Marshall and her sister receive more structure when they're sent to stay with their grandmother, with whom they spend large chunks of time throughout their youth. These visits will stay tucked inside Marshall's subconscious and eventually help inform her music as Cat Power.
"My earliest roots are in soul music," Chan tells Interview magazine in 2012. "My grandmother would take me to church ― because that's what you do in Georgia ― and when you go to Baptist church, the fun part is that you sing. Those hymns are all so meditative to me ― 'I'm gonna lay my burdens down...' It's all about giving. Not giving up, necessarily, but surrendering. It's so rewarding, that kind of soul music, because it's so... good. It's just good."
Though she isn't allowed to buy any records herself, she listens to her stepfather's collection: Otis Redding, Creedence Clearwater Revival, the Rolling Stones. Her biological father, Charlie, is also a rock musician who plays with, among others, Greg Allman. Despite having little interaction with him throughout her childhood, Marshall tells Chickfactor in 1996 how Charlie's influences may be imprinted on her DNA. "He was influenced by gospel, cause he's from Alabama. and his mother, her name's Lena, she still lives in Alabama. He used to go to people's houses and tap-dance and sing for however much money they'd give him, like a nickel or a penny or whatever, when he was like six or seven. He has a picture that I really want of him doing that. He used to wear this little white suit that was too short for him. so he used to go with the kids from the neighbourhood to the neighbourhood black church. And he always said he felt really shy at first going into the church, so he'd listen to them outside the church first, which I think is really sweet. but then he started going in, and he said they were really nice to him. So his influences were blues and gospel. but then when he was 17 he started doing drugs and getting into all that kind of stuff, that whole realm of music that was out then. That's kind of the stuff that he played till after my mom met him; he met my mom when he was 20, my mom was 17, she dropped out of high school, they got married, had two kids."
At 16 years old, Marshall and Myra Lee's relationship dissolves, and Marshall bolts for Atlanta to live with Charlie, showing up on his door, according to a 2001 interview with Spin, with a garbage bag full of clothes. The two don't get along, as she tells the New York magazine in 2006: "When I moved in, he got a baby grand. I wasn't allowed to touch it." She switches to a stern, exaggerated man's voice. "'Chan! The piano is not a toy.' Like I'm a child. I'm fuckin' 16 years old. It would make me so sad, because I loved it. So, he'd leave and I'd beat the shit out of it. Imagine if he'd let me play and taught me? Imagine."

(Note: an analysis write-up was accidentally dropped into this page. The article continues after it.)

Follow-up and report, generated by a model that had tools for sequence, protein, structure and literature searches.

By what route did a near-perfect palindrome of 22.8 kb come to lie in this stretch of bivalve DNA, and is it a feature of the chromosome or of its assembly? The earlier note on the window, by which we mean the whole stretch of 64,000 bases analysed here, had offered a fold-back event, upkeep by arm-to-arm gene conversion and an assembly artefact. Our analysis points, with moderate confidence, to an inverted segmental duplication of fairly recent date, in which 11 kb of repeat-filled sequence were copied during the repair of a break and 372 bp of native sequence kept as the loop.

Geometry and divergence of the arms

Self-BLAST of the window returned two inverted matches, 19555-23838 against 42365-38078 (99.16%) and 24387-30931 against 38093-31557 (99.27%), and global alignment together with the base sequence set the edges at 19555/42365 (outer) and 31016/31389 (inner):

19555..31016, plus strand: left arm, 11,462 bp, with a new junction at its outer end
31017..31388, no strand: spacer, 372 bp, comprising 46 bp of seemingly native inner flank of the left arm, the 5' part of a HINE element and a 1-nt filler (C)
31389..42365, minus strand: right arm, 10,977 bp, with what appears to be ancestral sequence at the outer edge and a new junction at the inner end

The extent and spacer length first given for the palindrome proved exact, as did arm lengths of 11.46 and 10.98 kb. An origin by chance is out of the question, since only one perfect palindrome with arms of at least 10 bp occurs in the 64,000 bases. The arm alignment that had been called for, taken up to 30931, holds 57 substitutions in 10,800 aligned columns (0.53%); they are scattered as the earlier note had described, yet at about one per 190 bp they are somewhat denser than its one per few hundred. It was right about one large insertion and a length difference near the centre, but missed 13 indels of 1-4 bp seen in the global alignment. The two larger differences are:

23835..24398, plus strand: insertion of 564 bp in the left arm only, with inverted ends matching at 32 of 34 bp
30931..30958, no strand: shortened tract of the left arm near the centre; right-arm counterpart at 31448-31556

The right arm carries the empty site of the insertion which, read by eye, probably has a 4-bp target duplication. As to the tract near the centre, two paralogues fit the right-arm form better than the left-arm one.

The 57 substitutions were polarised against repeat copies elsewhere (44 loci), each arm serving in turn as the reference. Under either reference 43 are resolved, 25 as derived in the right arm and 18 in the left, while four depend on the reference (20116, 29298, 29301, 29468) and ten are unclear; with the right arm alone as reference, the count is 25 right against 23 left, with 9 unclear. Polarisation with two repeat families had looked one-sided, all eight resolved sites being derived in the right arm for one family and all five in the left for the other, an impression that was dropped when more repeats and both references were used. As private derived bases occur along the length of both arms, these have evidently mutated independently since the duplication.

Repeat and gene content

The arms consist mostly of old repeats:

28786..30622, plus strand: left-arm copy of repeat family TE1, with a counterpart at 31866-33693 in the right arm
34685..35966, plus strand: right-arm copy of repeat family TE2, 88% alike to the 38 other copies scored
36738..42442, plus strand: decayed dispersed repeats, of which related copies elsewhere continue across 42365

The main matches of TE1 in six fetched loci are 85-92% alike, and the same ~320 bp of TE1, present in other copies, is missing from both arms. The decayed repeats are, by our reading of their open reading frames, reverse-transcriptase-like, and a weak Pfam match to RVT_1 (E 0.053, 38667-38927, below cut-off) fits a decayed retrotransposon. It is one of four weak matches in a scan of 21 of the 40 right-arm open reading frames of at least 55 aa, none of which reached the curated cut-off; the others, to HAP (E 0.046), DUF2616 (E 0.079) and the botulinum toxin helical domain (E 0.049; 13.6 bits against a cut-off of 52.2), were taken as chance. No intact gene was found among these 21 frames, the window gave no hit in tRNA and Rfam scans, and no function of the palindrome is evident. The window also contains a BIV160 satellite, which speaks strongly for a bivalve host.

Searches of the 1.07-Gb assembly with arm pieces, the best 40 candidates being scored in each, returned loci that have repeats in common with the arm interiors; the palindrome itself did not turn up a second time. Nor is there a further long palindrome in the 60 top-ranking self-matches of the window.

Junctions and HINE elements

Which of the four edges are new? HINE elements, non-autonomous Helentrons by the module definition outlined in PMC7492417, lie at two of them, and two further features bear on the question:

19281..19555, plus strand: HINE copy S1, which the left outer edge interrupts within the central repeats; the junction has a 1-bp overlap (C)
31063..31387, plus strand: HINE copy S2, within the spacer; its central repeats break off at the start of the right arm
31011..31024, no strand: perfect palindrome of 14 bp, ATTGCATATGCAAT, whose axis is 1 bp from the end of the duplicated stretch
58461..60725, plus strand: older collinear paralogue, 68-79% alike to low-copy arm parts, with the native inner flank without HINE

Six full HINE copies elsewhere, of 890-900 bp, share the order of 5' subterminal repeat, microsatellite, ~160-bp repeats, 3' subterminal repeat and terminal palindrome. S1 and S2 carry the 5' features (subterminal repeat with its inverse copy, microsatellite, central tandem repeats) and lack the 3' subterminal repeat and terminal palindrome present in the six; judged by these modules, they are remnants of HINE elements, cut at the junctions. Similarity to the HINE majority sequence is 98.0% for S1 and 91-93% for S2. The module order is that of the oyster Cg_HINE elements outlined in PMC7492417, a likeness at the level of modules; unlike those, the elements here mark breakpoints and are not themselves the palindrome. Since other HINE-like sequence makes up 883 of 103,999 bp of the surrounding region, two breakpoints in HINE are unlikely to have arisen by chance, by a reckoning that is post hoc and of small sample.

The new living arrangements don't last long. Charlie kicks her out after flunking 10th grade, she tells Spin. "I was kind of shocked, but I was like, 'Who gives a fuck? I'm not gonna be anybody anyway.'" She drops out of high school during her senior year, and cuts off contact with her father, allegedly to this day. She won't speak to Myra Lee again until she's 24.
1989 to 1995
Marshall spends three years working in Fellini's Pizza in Atlanta, where she meets Glen Thrasher (musician, DJ, zine publisher). In her downtime, she's teaching herself guitar and easing into experimental music. Marshall forms a collective with Thrasher on drums and friends Fletcher Liegerot, Damon Moore and Mark Moore. They jam and gain a bit of word-of-mouth hype. In 1991, when a friend's band asks the group to open for them, the first incarnation of Cat Power is borne, after Marshall spots a man walking into Fellini's wearing a Cat Diesel Power cap.
Marshall and Thrasher relocate to New York City's East Village in 1992. She tells New York magazine in 2008 that it was an attempt to outrun Atlanta's burgeoning drug scene where "everyone started doin' heroin and becoming a junkie." Marshall and Thrasher play with a variety of people as part of New York's experimental scene. She tells comedian Fred Armisen in Pitchfork in 2006 about their introduction to the Big Apple and trying to overcome her stage fright. "[Thrasher] started taking me to all these free jazz shows ― Anthony Braxton, different stuff, real experimental improvisational stuff. And that gave me the confidence to actually physically be on stage. I saw that, dude, those people weren't judging. That gave me the courage to be up there and turn my back to the audience, because it wasn't about rock'n'roll projection, so I felt comfortable. Our first show was at this warehouse in Brooklyn, and my second show was with this dude playing saxophone and this naked Japanese girl screaming."
Gerard Cosloy, Matador label co-founder, is at one of these loft parties. In New York magazine, he remembers Marshall as "very tentative about the audience, but she had a presence that said, 'This is a serious thing.'"
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